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  • Sun., Nov. 02, 2014 2:25 PM MST Denver Broncos at New England Patriots The Denver Broncos travel to Gillette Stadium to take on the New England Patriots in a rematch of the 2013 AFC Championship. The game will be broadcast on CBS.
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Next Day Notebook: Playing How They Practiced

Posted Oct 1, 2012

A strong week of practice helped the Broncos defeat the Raiders, the defense enjoyed playing with a lead and running back Willis McGahee cracked the 100-yard mark for the 32nd time.


ENGLEWOOD, Colo. -- A lot more goes into the outcomes that fans see on Sundays than what happens for 60 nationally-televised minutes.

Game day is just the end result of a full week of practice and film study. Head Coach John Fox said that the Broncos' success Sunday against Oakland began long before kickoff.

“I think it all started Wednesday when we started preparing for this game -- it’s just (the) ultimate of team sports but it relies on a lot of individuals,” Fox said. “Guys kind of looked in the mirror and practiced better and for that we played better.”

The 37-6 win over the Raiders -- the team’s most complete victory of the season – followed the team’s best week of practice so far.

“I thought we had a good week of practice—probably had our best week of practice,” quarterback Peyton Manning said. “That is something we really emphasized. That doesn’t always guarantee that you will play well on Sunday, but it gives you a better chance. We were more efficient during practice about finishing drives and doing the little things right. It certainly transferred to today. We are going to need that again next week and beyond.”   

Though the team was pleased with the way its execution in practice translated to a key victory over a division rival, the Broncos realize that Week 4 is in the past. The attention has already been shifted to the upcoming opponent, New England, which will demand another full week of quality preparation.

“The biggest difference was I think, the way we prepared in practice,” linebacker Keith Brooking said. “The attention to detail, I thought, was better than it has been all year. Not that we weren’t doing that before, but it was better this week than it’s been all season long."

LEAD BENEFITS DEFENSE

In losses to Atlanta in Week 2 and Houston in Week 3, the defense played well enough to prevent big early deficits from getting out of hand.

But the script was flipped Sunday, as a flurry of third-quarter offense allowed the Broncos defense to play from ahead instead of behind.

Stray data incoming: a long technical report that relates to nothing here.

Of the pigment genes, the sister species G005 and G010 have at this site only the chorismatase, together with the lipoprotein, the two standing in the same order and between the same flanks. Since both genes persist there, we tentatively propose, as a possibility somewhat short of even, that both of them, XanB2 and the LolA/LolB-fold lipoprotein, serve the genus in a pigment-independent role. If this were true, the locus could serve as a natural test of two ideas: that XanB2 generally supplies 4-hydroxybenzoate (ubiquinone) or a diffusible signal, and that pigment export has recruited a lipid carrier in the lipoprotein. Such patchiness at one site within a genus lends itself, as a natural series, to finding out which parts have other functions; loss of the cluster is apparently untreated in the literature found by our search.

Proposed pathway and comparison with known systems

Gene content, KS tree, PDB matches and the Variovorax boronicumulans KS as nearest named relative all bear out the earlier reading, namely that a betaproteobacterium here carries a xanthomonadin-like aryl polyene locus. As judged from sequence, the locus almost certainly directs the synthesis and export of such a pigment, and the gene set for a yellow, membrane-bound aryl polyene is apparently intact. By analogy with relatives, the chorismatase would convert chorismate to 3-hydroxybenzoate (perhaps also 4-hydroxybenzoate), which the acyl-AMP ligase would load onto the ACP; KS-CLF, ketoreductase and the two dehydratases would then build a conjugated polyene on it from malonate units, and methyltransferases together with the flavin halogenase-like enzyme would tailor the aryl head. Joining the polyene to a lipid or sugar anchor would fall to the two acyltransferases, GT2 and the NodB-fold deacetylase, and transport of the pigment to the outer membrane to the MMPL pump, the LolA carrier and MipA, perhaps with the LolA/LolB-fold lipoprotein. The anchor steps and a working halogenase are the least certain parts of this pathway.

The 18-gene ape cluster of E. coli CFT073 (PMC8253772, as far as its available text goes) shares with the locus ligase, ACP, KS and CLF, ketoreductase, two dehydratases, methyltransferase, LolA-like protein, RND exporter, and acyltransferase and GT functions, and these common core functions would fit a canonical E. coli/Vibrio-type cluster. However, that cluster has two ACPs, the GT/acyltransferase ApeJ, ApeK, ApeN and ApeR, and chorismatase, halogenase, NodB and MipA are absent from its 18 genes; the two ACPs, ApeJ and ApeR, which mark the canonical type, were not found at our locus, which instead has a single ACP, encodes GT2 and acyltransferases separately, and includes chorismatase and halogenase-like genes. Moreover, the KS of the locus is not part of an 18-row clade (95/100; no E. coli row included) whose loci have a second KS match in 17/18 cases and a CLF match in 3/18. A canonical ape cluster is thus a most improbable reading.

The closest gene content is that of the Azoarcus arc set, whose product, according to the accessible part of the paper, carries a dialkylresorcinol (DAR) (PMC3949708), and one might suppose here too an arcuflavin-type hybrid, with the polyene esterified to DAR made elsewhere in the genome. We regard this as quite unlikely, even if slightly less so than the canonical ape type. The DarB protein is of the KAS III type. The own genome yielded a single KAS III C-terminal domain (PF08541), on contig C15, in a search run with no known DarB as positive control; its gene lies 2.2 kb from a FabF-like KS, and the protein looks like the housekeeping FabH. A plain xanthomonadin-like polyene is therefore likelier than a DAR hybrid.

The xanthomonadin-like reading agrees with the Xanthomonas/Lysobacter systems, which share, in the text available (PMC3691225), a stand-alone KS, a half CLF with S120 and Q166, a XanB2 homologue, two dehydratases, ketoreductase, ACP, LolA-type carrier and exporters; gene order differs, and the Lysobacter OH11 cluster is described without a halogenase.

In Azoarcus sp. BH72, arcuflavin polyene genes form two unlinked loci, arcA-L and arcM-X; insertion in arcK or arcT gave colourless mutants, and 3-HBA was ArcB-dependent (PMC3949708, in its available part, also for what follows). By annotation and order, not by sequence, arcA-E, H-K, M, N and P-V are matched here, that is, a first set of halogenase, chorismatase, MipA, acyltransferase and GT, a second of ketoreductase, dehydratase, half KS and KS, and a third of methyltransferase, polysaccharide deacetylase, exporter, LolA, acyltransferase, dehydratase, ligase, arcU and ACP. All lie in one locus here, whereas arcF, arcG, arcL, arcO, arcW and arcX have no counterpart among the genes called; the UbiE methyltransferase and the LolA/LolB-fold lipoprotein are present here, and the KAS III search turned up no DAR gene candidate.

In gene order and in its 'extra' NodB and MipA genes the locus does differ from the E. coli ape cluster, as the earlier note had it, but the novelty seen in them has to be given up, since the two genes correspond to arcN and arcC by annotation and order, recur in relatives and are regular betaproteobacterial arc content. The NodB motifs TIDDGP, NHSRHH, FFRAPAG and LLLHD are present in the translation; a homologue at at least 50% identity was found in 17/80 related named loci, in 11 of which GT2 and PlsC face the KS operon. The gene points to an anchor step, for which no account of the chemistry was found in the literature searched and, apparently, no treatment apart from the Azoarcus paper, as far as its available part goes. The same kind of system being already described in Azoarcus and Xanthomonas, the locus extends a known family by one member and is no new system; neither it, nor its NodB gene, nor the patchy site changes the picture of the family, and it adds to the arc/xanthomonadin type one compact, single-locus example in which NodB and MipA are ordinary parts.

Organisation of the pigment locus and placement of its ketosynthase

After taking a 10-6 lead into halftime, Denver’s defense set the tone by forcing Oakland to go three-and-out on its first possession of the second half. The Broncos responded with a touchdown followed by another three-and-out for the Raiders. Soon, a blocked punt had set up another touchdown that made it 24-6, and the defense could see Oakland’s defenders wearing down.

“We knew the way our offense was playing – just the way they were able to sustain drives – that their defense, you could tell they were kind of sucking wind over there,” Brooking said. “We were talking about before we went on the field, ‘Hey, let’s get that (Oakland) defense right back out on the field.’ Three plays or less, meaning three-and-out or cause a turnover before that. We were talking about that. We wanted to continue to play that way.”

With the scoreboard in their favor, Denver’s defenders were able to be the aggressors Sunday against Oakland, keeping the Raiders off the scoreboard in the second half and allowing only 74 yards of offense after halftime. Cornerback Champ Bailey attributed part of that success to the offense’s ability to maintain possession. 

“When they keep the ball for 40 minutes, it is great for us because we know that we are not going to be exhausted out there,” Bailey said. “It’s giving us points, and when you can play with the lead, it gives you all types of opportunities in the pass game.”

McGAHEE GETS GOING

Prior to Sunday’s game, the running back attracting most of the headlines was Oakland’s Darren McFadden, who had enjoyed a number of big games at Denver’s expense over the past few years.

But despite a rib injury suffered in Week 3 against the Houston Texans, it was Willis McGahee who stole the show. McGahee became the NFL’s active leader with the 32nd 100-yard rushing game of his career, gashing the Raiders for 112 yards and a touchdown on just 19 carries. But McGahee was less pleased with his personal milestone than the team’s 37-6 victory.

“It’s just another 100-yard game,” McGahee said. “We have a lot more games to go and hopefully there will be plenty more. But other than that, I’m just happy to get that win.”

Much of McGahee’s success was due to strong play from the Broncos’ offensive line, which helped the team rush for 165 yards on 38 carries, a big factor in the team’s 37:25-to-22:35 edge in time-of-possession.

“Again, a lot of what the running back gets is what the people in front of him do so it goes hand in hand,” Fox said. “I thought we blocked better, we finished blocks better so your running backs are going to be more productive when you get better blocking.”

Another factor in McGahee’s big day was the offensive balance. Manning completed 30-of-38 passes for 338 yards and three touchdowns, effectively spreading the ball around, including a total of nine completions to McGahee and fellow running backs Ronnie Hillman and Lance Ball.

“The passing game helped out a lot,” McGahee said. “We complement each other. The run complements the pass. The pass complements the run. It’s just the fact of us getting that mesh going on with the run and pass, just trying to be balanced.”

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